Gordon: I do, and a lot of times they’re family members, teachers from the past, you know, friends, neighbors, girlfriends, and a lot of times they’re patchworks of different parts of those personalities put together into one character to say something that I want to say. It could be my girlfriend from 15 years old has this personality trait, and I put that together with another personality trait to build a profile, you know, a personality profile that I want to present here.

Alessandra: Yeah, I love that. And my characters are often Frankensteins. This TV show character’s personality is married with this person, married with whatever.

Gordon: That’s the beauty of it.

Alessandra: Yeah. Kit says John Wick is a relatively simple character, and I don’t know, Gordon, if you’ve seen the movie John Wick, but it’s one of my favorite movies, so I love this question. Why is he so popular? Can our characters be simple too?

Gordon: Of course. I mean, you write the novel that you want to write. It could be simple characters, and I think it depends on the type of novel too. I mean, John Wick is a certain type of story, and if you were to write about John Wick’s deep emotional experiences in his childhood, it would probably detract from the whole theme of the story, wouldn’t it? And it depends on the type of novel. Like if you’re writing a spy novel, like I said, you don’t go into his relationship with his mother or something. You stick with the story and the action sequences and the gun battles and the car chases.

Alessandra: Yeah, I agree. It totally varies based on your genre and the type of story you want because that character backstory can really slow down the pacing, and in other stories, it’s really important depending on what you’re writing. But I do love John Wick, and I don’t know if he’s so popular because it’s just such a great movie. I don’t know how much of it has to do with him, but I think you can’t help but root for him.

Gordon: Keanu’s a great actor too.

Alessandra: Yeah, yeah. Yeah. Keanu did a great job with that.

Gordon: Always does. So, this is a more detailed question. I don’t have the name, but it’s from someone on Facebook, and they said that my character’s characteristics emerged as my manuscript developed. I tried to write character profiles at the start, but found that they didn’t fit as my story started to emerge. Is it wise to just stick to minor characteristics rather than major ones? Am I just a bad writer or am I just using an unconventional approach? So before I let you answer, of course, it’s not that you’re a bad writer. All of our processes are different, so definitely don’t think that, but I’ll let you answer that question, Gordon.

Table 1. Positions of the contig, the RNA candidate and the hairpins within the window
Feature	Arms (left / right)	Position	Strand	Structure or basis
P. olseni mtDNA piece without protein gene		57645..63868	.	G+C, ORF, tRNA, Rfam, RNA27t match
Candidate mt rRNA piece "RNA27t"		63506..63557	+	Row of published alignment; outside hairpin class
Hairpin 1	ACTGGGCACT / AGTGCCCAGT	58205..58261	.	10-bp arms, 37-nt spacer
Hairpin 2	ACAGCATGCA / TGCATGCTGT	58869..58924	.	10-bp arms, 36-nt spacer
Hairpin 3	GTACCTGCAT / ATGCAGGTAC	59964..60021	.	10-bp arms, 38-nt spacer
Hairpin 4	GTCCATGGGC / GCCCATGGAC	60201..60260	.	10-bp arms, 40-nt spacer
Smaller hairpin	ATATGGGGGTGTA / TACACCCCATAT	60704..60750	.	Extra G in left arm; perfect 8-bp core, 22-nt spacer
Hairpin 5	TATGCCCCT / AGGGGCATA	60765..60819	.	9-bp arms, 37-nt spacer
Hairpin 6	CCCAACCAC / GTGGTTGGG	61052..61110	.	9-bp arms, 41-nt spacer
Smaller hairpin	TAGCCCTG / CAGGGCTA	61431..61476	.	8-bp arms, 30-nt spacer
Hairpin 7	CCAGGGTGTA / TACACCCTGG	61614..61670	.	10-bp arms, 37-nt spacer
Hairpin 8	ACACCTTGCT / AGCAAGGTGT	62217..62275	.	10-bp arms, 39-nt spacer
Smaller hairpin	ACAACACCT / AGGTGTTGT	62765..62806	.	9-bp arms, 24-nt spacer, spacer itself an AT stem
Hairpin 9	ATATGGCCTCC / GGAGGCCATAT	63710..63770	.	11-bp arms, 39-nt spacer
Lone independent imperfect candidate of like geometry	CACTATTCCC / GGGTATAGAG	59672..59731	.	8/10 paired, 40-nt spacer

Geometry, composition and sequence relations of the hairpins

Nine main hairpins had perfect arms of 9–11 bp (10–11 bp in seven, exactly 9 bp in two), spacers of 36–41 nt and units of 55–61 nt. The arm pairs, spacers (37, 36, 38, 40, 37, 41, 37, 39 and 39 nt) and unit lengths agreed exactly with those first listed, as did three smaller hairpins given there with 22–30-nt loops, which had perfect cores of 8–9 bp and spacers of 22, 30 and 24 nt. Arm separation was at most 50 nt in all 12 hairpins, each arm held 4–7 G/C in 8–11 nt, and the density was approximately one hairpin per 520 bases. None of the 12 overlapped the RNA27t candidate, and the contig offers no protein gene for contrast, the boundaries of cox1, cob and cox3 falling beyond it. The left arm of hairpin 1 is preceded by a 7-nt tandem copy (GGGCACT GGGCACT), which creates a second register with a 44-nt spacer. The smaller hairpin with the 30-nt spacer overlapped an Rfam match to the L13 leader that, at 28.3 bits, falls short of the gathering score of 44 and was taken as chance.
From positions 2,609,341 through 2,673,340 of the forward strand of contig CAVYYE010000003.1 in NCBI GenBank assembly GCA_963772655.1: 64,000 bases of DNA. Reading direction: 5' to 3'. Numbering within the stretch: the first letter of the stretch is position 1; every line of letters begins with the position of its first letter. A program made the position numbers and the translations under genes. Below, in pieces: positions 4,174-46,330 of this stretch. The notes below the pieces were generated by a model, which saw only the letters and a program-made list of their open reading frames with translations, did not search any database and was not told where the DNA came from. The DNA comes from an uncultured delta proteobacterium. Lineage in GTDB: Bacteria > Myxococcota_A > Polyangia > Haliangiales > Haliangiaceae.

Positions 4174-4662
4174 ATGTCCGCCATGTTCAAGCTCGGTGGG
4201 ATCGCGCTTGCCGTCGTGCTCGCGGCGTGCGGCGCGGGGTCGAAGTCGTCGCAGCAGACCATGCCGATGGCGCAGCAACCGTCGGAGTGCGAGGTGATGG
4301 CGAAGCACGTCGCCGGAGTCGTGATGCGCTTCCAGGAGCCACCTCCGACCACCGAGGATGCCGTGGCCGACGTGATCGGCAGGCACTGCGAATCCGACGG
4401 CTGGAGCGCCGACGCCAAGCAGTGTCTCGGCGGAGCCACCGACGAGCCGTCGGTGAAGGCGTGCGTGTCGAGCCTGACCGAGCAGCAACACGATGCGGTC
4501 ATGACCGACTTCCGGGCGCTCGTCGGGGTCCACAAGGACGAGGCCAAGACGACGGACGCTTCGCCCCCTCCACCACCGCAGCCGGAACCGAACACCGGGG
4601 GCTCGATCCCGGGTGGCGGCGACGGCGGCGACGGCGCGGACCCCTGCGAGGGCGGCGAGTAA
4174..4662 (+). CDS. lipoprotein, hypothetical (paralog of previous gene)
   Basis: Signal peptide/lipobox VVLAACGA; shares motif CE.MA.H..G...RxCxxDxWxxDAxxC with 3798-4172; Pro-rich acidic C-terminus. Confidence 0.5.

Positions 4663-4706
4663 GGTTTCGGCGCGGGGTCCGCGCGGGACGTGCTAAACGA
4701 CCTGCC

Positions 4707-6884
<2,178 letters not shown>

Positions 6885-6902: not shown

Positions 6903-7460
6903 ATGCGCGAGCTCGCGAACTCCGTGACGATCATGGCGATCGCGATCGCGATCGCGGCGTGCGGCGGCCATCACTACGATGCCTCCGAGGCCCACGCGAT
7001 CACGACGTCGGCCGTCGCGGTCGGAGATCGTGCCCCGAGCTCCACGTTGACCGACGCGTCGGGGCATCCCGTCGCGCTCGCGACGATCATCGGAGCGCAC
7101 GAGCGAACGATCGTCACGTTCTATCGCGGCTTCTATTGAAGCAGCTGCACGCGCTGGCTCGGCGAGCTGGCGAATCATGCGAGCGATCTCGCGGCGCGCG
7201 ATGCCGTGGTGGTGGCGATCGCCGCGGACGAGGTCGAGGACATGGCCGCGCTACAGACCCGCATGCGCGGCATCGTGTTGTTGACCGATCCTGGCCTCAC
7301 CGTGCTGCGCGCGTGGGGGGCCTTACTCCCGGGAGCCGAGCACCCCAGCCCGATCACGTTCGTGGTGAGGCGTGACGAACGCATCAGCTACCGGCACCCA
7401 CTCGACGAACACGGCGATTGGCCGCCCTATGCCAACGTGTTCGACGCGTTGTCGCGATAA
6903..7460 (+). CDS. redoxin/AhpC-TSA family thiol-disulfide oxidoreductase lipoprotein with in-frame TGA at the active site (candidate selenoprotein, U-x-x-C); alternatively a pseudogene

Gordon: No, I think everyone, you know, you need to find your individual voice. There’s no one size fits all for writing a novel. Even in a nonfiction book, everyone writes their own way. Everyone has their own voice to get out to the world. I don’t think you’re writing in the wrong way. Just think about the type of novel that you’re writing and how your characters fit into that. And if your characters develop and change and grow, and they adopt new traits, new characteristics during the course of the novel, then that’s great. I mean, some of the best novels in the world I think had that chain of events where they change a lot at the end you know, like the Count of Monte Cristo or something like that. It started off as a pretty, nothing, nobody character, and then at the end, he was quite swashbuckling and a very strong formidable figure who could do anything. So, it’s just, you know, write your story the way you want it to be told. If your characters change, if they grow, if they become more titanic figures at the end, then all the better.

Alessandra: And I’ve had characters that I really struggled with in the beginning because I think I was trying to fit them into this certain square peg that I had envisioned that they were going to be. And it was just like writing in mud. Like I just couldn’t get, and then finally it was like, once I figured out that character’s personality, you know, which wasn’t what I had initially intended, then the story just, you know, then every scene with that character was easy. So, I think it’s fine to be kind of fuzzy in the beginning if you aren’t sure. And then as Nikki said, she’s also on Facebook. She said, when I’m writing my characters, it’s almost like they’re shy in the beginning and show me more of their character as the story progresses. I know other authors know everything from the start. Go ahead. Sorry.

Gordon: That’s the growth process for the author too. You know, initially, you have maybe in mind a couple of characters, a man, a woman, or whatever, a family or something like that. And they’re pretty, you don’t really have a clear idea of who they are and what they are or what will happen to them over the course of the events, but then it develops and you grow along with it; you get better at your craft at the same time.